Growing up as a child, and even now as an adult, I hear people say, “It’s the thought that counts.” Cynics will usually follow up with something that is equally cliché such as, “The road to Hell is paved with good intentions.”
I will agree that there is some truth to the first statement. I am more inclined to agree more with the second statement. Of course, that is relevant based solely on your individual belief on what constitutes an eternity surrounded by fire and brimstone. I do not want to instigate a debate on Heaven or Hell, their existence and how one might acquire access into either place. Rather, I am going to focus more on the first statement and why I believe it is NOT always the thought that counts.
If you are driving down the road during a horrendous storm and you pass someone who is broken down on the side of the road, emergency lights flashing, do you stop to offer assistance? Do you even think about it?
I believe in the genuine ‘good nature’ of people and will assume that you at least think about it. But thinking about it does absolutely nothing to help the individual that is stranded.
I will go even further out on a limb and speculate that you (we) will often think about our partner in a given situation. Maybe they are running late for work. Perhaps we think about offering to help or even go so far as to actually offer. If you pay attention to your partner and know them in the way that couples who cohabitate do, you will have likely learned some of their patterns and rituals when getting ready in the mornings. Maybe she likes to take a cup of coffee with her to work. If you know this about her (or him), instead of asking if you can do anything to help or think about asking – just get up and fix her coffee for her. Better still, redevelop your own pattern so that you can do this each morning.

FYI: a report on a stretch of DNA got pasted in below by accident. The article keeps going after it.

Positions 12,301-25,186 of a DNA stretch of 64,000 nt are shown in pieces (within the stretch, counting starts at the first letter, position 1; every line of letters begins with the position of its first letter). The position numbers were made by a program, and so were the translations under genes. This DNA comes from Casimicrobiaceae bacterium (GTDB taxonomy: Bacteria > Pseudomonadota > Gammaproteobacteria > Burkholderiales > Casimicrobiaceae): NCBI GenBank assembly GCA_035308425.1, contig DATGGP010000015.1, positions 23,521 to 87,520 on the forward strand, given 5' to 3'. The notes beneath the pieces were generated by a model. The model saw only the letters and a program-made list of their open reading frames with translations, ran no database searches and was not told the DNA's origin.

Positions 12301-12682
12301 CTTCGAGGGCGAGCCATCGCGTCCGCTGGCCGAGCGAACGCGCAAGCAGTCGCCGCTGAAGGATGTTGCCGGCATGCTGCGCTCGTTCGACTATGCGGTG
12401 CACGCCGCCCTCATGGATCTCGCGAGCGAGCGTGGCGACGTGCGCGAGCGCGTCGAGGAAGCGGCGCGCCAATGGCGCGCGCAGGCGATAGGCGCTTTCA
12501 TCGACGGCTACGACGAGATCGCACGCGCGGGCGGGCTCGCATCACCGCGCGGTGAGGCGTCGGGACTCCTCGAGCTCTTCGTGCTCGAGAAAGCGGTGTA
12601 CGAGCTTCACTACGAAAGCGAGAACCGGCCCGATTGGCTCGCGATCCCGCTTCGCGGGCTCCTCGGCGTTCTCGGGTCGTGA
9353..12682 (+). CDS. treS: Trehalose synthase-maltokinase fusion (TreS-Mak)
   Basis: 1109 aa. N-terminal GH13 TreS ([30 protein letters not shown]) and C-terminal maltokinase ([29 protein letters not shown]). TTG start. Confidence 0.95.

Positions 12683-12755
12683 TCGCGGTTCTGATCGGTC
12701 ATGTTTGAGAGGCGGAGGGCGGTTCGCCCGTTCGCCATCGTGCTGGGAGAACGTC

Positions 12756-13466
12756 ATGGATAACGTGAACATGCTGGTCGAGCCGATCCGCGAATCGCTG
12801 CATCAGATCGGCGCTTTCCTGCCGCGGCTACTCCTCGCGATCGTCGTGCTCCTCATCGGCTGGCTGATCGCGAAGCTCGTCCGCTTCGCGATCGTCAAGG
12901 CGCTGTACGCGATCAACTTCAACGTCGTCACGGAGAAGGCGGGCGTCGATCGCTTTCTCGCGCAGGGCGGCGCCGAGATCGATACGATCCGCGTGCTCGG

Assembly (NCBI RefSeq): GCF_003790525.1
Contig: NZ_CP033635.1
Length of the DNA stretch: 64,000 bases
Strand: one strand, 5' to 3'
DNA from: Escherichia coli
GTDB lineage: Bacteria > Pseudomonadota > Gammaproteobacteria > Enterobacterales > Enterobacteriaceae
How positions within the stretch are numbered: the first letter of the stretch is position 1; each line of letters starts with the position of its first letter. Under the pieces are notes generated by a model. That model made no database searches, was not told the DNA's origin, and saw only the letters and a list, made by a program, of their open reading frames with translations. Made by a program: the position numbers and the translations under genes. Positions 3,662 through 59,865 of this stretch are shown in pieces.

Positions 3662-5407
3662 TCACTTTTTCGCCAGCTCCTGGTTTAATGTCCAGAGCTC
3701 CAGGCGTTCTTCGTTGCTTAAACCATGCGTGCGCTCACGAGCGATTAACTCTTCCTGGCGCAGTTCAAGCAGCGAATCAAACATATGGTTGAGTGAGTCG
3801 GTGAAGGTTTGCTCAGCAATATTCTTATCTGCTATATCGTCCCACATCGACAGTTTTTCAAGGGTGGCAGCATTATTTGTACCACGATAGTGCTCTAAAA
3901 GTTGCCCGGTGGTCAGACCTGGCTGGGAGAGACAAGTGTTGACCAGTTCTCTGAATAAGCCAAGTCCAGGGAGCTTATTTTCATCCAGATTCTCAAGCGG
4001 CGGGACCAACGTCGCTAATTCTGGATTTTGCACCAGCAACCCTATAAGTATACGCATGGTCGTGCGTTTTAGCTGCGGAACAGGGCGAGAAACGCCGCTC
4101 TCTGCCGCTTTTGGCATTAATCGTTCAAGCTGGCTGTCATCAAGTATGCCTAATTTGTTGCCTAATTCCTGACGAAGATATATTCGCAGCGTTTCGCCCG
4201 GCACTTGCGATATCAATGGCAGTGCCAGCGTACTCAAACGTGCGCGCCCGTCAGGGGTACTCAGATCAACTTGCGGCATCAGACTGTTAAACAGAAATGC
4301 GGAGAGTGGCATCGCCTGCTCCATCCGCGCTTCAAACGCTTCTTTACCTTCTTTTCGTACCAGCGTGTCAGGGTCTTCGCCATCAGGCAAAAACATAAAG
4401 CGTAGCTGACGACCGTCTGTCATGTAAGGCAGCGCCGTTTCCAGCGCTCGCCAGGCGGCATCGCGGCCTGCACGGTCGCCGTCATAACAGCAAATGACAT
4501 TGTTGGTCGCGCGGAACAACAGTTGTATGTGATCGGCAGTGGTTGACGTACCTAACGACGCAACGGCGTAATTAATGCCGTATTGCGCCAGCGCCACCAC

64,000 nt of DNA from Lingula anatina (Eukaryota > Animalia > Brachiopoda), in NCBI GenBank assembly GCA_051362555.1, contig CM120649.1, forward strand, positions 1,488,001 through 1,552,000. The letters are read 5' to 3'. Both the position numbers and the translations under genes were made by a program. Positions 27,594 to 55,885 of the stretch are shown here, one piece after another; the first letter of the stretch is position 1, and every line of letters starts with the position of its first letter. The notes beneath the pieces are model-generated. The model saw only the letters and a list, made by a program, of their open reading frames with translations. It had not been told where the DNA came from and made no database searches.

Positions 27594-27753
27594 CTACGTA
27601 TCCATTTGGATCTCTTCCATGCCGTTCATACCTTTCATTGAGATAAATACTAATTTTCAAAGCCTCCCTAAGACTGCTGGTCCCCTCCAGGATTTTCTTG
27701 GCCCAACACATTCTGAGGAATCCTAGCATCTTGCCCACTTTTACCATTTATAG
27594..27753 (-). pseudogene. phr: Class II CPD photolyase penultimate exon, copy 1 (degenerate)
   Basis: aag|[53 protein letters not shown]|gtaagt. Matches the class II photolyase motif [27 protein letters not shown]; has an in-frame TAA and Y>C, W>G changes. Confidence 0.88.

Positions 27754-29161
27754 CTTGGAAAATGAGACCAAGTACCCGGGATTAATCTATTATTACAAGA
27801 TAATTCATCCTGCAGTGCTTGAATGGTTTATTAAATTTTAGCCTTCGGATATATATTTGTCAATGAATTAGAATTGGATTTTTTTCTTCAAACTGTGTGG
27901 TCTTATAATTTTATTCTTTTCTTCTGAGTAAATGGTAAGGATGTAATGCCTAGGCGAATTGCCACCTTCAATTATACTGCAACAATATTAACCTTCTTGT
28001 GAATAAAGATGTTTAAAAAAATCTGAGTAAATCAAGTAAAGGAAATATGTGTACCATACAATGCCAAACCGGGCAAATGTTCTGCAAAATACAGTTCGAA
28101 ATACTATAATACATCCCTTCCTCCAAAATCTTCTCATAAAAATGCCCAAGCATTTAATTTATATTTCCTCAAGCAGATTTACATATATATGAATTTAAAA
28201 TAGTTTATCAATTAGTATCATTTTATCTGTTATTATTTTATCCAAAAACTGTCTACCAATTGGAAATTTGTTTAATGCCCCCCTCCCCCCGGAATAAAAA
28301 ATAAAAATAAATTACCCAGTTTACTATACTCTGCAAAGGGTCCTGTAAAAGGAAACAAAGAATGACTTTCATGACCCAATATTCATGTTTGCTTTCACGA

If you are in the middle of an argument, you may think about being the bigger person by taking action to change the course of the conversation, even if you are not in the wrong, but decid against it because of pride. Swallow your pride and take action. The thought alone does nothing to improve the situation.
The next time you think about someone – TELL THEM.
The next time you see a stranger stranded on the side of the road, take the time to stop and at least offer assistance. Even if you don’t know the first thing about fixing a car. Who knows, maybe their son or daughter was in a terrible car accident and they were on their way to the hospital when their car decided to crap the bed. Worse still, in their haste to get to their beloved child, they left their cell phone sitting on the kitchen counter and have no way to call anyone for help.
What ever the situation or with whomever you are engaged (or could be engaged), take action on those random acts of kindness. Take action on those thoughts. Thoughts alone do not generate results. Action does.